GCSE English: Should we assess spoken language?

If we deem the GCSE spoken language assessment as important, it should contribute to the grade, says Kate Watts

Kate Watts

GCSE English: Should we have the spoken language assessment?

Are the GCSE English spoken language assessments especially useful? I’m sure if you teach GCSE English, then you are very familiar with these assessments, but in case you’re not, or you’re new to the qualification, here’s a quick explanation: currently learners are required to produce a presentation on an independent basis on a chosen topic or area. They present to a small group of peers, who will ask them questions, whilst their teachers assess them. There is only one task, and they can achieve a pass, merit or distinction.

Firstly, given that this component of the GCSE English language specification doesn’t contribute towards the calculation of their final grade, is it really of any use to our learners? For learners completing this at school, I can see the benefit, but not for those resitting GCSE English at college. Why are we completing them at college, you say? It is quite simple: we need a unique code on the learner’s statement of results, but if they don’t present these to us by a certain date, their previous grade can’t be banked, and they must complete it again.

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When this happens, (which it does for 80 per cent of the cohort), it becomes a long, dragged out, laborious task for both learner and teacher – especially when they must be filmed. At college, the only incentive for learners to complete this component is the fact that it’s displayed on their qualification certificates, and no one wants an "unclassified".

GCSE English: The spoken language assessment could count towards the grade

If speaking and listening skills are so valued, then why doesn’t this assessment count towards their final grade? Wouldn’t it be better if this assessment even counted as 10 per cent of the grade? I thought this long before Covid, but now, more than ever, I think for some learners – those who are verbally very articulate but struggle to transfer this on to paper – this change would really benefit them. Having to worry about these assessments that essentially count for nothing during Covid-19 was incredibly stressful and was not ideal when learners had already lost precious classroom time due to the lockdown.

Of course, not all teachers will agree with me about this or welcome this idea – and I can understand why: more hassle, more paperwork, more time cramming something else into the resit year… but ultimately, if it’s going to benefit the learners, then isn’t it worth it?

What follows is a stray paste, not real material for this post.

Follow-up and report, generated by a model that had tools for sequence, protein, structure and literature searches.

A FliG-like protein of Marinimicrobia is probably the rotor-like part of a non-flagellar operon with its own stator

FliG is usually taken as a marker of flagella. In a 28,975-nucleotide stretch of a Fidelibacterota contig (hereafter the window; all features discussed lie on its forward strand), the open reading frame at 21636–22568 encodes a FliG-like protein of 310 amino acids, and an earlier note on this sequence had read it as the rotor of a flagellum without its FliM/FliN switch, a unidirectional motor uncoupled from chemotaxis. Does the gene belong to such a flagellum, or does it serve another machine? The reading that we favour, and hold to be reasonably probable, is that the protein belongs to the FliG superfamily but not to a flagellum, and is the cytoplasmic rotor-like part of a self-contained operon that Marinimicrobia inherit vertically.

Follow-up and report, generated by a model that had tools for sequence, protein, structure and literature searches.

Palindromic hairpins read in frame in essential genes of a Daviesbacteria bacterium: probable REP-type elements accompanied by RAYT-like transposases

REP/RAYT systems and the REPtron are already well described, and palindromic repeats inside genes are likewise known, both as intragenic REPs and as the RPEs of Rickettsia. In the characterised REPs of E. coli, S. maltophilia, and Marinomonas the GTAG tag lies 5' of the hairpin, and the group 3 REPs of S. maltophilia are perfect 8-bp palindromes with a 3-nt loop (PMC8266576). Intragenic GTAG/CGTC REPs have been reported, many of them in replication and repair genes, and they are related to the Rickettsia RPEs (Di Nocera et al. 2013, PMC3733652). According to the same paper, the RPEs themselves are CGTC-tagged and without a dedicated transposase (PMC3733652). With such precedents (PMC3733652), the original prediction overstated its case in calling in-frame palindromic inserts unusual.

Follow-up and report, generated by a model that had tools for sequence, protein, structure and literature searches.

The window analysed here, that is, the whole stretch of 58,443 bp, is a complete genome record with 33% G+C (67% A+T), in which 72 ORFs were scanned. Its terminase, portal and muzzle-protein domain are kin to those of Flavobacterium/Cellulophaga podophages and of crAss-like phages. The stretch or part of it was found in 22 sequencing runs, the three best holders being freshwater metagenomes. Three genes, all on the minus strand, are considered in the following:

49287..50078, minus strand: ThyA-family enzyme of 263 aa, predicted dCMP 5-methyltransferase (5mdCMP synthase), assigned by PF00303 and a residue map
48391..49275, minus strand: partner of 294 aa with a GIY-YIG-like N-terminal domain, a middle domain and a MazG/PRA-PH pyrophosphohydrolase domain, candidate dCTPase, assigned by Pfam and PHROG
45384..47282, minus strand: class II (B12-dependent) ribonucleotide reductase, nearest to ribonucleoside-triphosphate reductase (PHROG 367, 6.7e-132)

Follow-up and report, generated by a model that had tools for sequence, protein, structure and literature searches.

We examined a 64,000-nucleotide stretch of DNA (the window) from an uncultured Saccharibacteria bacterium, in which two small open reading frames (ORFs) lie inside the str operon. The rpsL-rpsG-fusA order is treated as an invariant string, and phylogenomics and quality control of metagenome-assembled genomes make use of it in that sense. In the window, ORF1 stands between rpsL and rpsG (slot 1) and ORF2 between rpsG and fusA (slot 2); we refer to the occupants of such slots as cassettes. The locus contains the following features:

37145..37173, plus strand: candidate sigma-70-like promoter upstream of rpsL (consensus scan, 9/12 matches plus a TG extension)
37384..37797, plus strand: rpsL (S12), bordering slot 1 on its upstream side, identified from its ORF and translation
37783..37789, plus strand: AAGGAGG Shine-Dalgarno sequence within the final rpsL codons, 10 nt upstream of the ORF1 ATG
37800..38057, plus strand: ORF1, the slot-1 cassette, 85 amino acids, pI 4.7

Secondly, is it really valued by the other educational establishments and employers that the learners will progress to? This is a difficult question for me to answer accurately, but based on my experience of having my certificates checked by the college and universities I went to, and places I’ve worked, I doubt it. If I was an employer and I asked one of my learners what they had to do, I don’t think I’d be blown away. I suppose it really depends where and what they are progressing to.

Thirdly, is it me or does the GCSE speaking and listening component seem easier compared to the functional skills speaking and listening assessments? At level 1 functional skills, there are two tasks: one presentation of a topic in a group and one group discussion. Surely a speaking and listening qualification that precedes GCSE should entail less not more? The assessment criteria for each qualification are quite different and don’t really help learners to progress their speaking and listening skills from functional skills to GCSE, at least not in the right direction. Instead, these skills simply stagnate or decline. At least, that’s what I see happening in front of me.

I’m not dismissing the fact that being able to speak and listen well are vital communication skills that we all need, but I’m sure making this component more FE-friendly would be welcomed, not only by teachers but learners as well. At the end of the day, we want what’s best for them – especially in this ever-changing Covid world where attainment cracks are starting to show.

Kate Watts is a further education lecturer at a college in London


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